The Story Of Sid Arthur
By Stanley Bing

(FORTUNE Magazine) – Elsewhere in this magazine you will find a discussion of elephants and how to handle them. That is the central problem of every person's career, from the little fellow who wipes your windshield when you gas up, to the chief executive of the oil company that fills the tank beneath the ground on which that grease monkey stands.

The solution has been with us for many years, laid out by a man of great wisdom and girth who found it by doing what every reader of this magazine does for the greater part of every day: sitting and not thinking. This is the story of that business Buddha.

A very long time ago, or not, there lived a young man in the suburbs of a very great city, or perhaps it was Bridgeport, Conn. Does it matter? Young Sid Arthur was part of a family of rich and powerful businessmen who ruled their metropolitan area in the days before consolidation. The boy was handsome, with a big unruly head of hair, and quite the party animal too.

Sid's father raised him to be a scion of the ruling class. Sid went to Choate, then Yale, and thence to the Wharton School of Business, where he met a lot of really mean people. This, however, did not spoil his native disposition, which was quite pleasant. Indeed, it became clear that there was something different about young Sid. He was kind and gentle, and sometimes demanded a coherent rationale for mergers that would result in human suffering. The boy's father kept a keen eye on him.

One day, while perusing tedious papers, the future Buddha came upon a middle manager being yelled at by the Senior Elephant in charge of Finance. The poor man's shoulders were bent, his eyes were red, and he could scarcely raise his voice to defend himself.

"What is this?" our young hero asked an associate. "Why does that man scream at the other? And why is the other content to suffer such indignities?"

"That," said his associate, "is the way of management from time immemorial, in medieval states, communist dictatorships, and capitalist conference rooms alike."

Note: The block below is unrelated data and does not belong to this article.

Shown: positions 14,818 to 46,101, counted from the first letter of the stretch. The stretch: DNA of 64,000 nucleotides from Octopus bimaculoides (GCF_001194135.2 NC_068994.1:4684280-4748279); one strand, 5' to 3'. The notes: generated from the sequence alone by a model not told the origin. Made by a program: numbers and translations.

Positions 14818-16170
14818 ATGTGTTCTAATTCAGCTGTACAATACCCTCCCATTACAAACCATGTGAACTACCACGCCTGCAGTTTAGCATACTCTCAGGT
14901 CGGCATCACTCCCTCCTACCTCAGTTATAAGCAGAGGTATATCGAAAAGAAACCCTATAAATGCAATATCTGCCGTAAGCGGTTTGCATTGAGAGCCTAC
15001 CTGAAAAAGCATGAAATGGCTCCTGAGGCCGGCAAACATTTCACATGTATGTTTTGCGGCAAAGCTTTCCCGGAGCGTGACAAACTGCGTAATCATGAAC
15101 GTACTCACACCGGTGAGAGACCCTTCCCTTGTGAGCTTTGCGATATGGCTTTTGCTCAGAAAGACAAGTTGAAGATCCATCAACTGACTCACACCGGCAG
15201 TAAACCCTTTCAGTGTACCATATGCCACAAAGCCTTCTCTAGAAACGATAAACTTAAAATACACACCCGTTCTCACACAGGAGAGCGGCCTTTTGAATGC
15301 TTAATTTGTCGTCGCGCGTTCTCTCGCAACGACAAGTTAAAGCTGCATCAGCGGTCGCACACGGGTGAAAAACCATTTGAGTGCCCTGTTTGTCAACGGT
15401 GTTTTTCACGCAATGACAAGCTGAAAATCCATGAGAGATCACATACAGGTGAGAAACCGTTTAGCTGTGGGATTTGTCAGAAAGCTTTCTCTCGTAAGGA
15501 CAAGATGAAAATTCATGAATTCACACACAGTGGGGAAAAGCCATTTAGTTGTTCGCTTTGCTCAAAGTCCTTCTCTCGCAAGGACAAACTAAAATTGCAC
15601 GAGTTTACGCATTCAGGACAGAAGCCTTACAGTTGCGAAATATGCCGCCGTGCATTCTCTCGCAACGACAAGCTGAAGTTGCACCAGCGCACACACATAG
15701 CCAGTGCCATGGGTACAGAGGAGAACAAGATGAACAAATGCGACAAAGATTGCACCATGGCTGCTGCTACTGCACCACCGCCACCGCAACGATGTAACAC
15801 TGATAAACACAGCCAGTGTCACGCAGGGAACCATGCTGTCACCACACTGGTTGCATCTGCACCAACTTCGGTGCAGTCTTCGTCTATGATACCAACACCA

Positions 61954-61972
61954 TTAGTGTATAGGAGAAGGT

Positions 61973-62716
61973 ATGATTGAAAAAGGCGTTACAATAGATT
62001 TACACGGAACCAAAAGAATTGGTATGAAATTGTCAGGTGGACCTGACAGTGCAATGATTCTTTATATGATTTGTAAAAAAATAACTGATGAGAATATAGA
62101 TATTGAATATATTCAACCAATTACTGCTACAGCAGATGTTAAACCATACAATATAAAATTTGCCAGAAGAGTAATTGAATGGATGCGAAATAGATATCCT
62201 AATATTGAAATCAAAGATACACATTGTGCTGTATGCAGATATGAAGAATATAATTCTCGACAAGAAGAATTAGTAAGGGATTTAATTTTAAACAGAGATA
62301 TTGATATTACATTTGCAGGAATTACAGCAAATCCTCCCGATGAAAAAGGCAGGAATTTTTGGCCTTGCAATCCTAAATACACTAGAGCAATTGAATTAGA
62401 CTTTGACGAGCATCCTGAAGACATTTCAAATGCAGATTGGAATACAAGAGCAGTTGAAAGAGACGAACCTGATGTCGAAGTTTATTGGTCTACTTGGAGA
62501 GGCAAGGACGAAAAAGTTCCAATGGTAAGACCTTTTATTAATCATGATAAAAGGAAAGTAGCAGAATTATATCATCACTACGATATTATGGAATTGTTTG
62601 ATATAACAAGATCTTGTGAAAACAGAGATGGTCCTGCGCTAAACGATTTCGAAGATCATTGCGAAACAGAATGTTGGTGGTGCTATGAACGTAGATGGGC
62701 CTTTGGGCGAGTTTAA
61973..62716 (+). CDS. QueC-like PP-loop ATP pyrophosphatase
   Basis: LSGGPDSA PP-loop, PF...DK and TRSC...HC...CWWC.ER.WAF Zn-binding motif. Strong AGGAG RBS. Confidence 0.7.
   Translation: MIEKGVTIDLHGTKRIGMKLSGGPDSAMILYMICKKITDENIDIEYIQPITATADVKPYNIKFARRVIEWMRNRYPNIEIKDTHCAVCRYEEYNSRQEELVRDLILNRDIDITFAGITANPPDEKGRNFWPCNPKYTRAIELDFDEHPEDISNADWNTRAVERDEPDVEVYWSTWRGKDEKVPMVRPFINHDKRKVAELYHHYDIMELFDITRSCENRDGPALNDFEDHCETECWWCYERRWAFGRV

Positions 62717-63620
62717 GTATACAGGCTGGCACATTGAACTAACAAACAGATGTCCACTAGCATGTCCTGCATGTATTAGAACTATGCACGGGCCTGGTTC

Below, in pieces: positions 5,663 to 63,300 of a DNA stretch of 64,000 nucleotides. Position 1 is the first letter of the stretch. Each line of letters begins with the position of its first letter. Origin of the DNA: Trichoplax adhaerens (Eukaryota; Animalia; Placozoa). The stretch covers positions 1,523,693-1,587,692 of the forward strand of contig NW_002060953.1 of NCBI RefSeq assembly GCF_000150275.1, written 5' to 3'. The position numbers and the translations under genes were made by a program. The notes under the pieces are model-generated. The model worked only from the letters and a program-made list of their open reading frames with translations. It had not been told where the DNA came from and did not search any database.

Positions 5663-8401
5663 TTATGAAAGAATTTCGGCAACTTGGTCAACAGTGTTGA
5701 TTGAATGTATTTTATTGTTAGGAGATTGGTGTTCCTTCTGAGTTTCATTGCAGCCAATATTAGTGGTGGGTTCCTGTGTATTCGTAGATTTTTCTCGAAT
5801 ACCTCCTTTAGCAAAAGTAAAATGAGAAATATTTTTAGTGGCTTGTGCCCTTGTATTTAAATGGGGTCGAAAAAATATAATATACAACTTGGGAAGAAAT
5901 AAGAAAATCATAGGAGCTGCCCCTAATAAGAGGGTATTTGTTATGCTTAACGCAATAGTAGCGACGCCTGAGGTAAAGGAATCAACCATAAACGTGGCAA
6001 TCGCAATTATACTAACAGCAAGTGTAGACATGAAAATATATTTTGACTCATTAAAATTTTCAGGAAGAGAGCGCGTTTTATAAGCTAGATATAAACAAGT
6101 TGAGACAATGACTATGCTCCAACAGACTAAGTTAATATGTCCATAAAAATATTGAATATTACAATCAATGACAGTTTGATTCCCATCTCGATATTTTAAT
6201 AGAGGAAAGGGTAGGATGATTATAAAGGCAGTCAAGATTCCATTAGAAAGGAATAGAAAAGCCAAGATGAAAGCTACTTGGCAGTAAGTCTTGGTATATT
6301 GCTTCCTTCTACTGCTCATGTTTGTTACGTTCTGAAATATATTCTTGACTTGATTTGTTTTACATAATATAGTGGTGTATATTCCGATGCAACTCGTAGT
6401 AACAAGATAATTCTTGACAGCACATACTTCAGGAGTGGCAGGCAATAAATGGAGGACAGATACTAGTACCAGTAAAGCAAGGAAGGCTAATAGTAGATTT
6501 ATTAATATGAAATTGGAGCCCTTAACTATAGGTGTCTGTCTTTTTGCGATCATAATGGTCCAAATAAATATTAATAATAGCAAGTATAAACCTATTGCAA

And so, in his 30th year, Sid Arthur dropped out of corporate life and traveled as a consultant from place to place begging for retainers, hoping to find an end to the suffering caused by elephants. For seven years he sojourned, over and over again coming face to face with the underlying truth--that to labor is to suffer, and probably for too little money.

And then there came a day when he could stand the quest no longer, and he said to himself, "Oh, the heck with it!" He went off on his own into the desert just outside Palm Springs, which is very hot but comfortable, because it is dry heat and you practically can't feel it. His heart heavy within him, he lit a cigar and sat beneath a palm tree and decided he would reconcile himself to the fact that being managed by other people is pain, and there is nothing for it but to quit or learn how to manage the unmanageable.

After finishing his cigar, the Buddha fell into a trance. When he arose the next morning, stiff in his limbs but infinitely light in spirit, he was no longer the business professional who had sat down the day before. The power born of enlightenment radiated from him, and with it the ability to free other men and women from their suffering.

For a time, Buddha considered just chucking the whole thing and taking off for St. Bart's. But he considered. If he did not pass along his wisdom, what had the search been all about? So he met with several friends who had planned to golf with him that day, made them sit down instead, and explained to them the truth that had finally shone upon him. And they listened, and were moved and changed forever. And then they went out and got in nine holes anyhow.

For the next 45 years, Buddha wandered from place to place, never picking up a check unless it was absolutely necessary. Everywhere he went he taught the same simple truths. Here they are in a convenient form your business minds can comprehend.

--We are all one with the corporation. It has no beginning and no end. So relax. Nothing really matters all that much anyway, particularly you.

--We are all incomprehensibly tiny in the eye of the infinite. That includes the gigantic elephant who right now is sitting on your head.

--The elephant has no weight that you do not confer upon it.

--It is the wanting of things that makes us suffer. In the lack of wanting, there is joy. In the end of hope and desire, there is enlightenment.

So give up, okay? There! Doesn't that feel better?

By day, Stanley Bing is a real executive at a real FORTUNE 500 company he'd rather not name. He can be reached at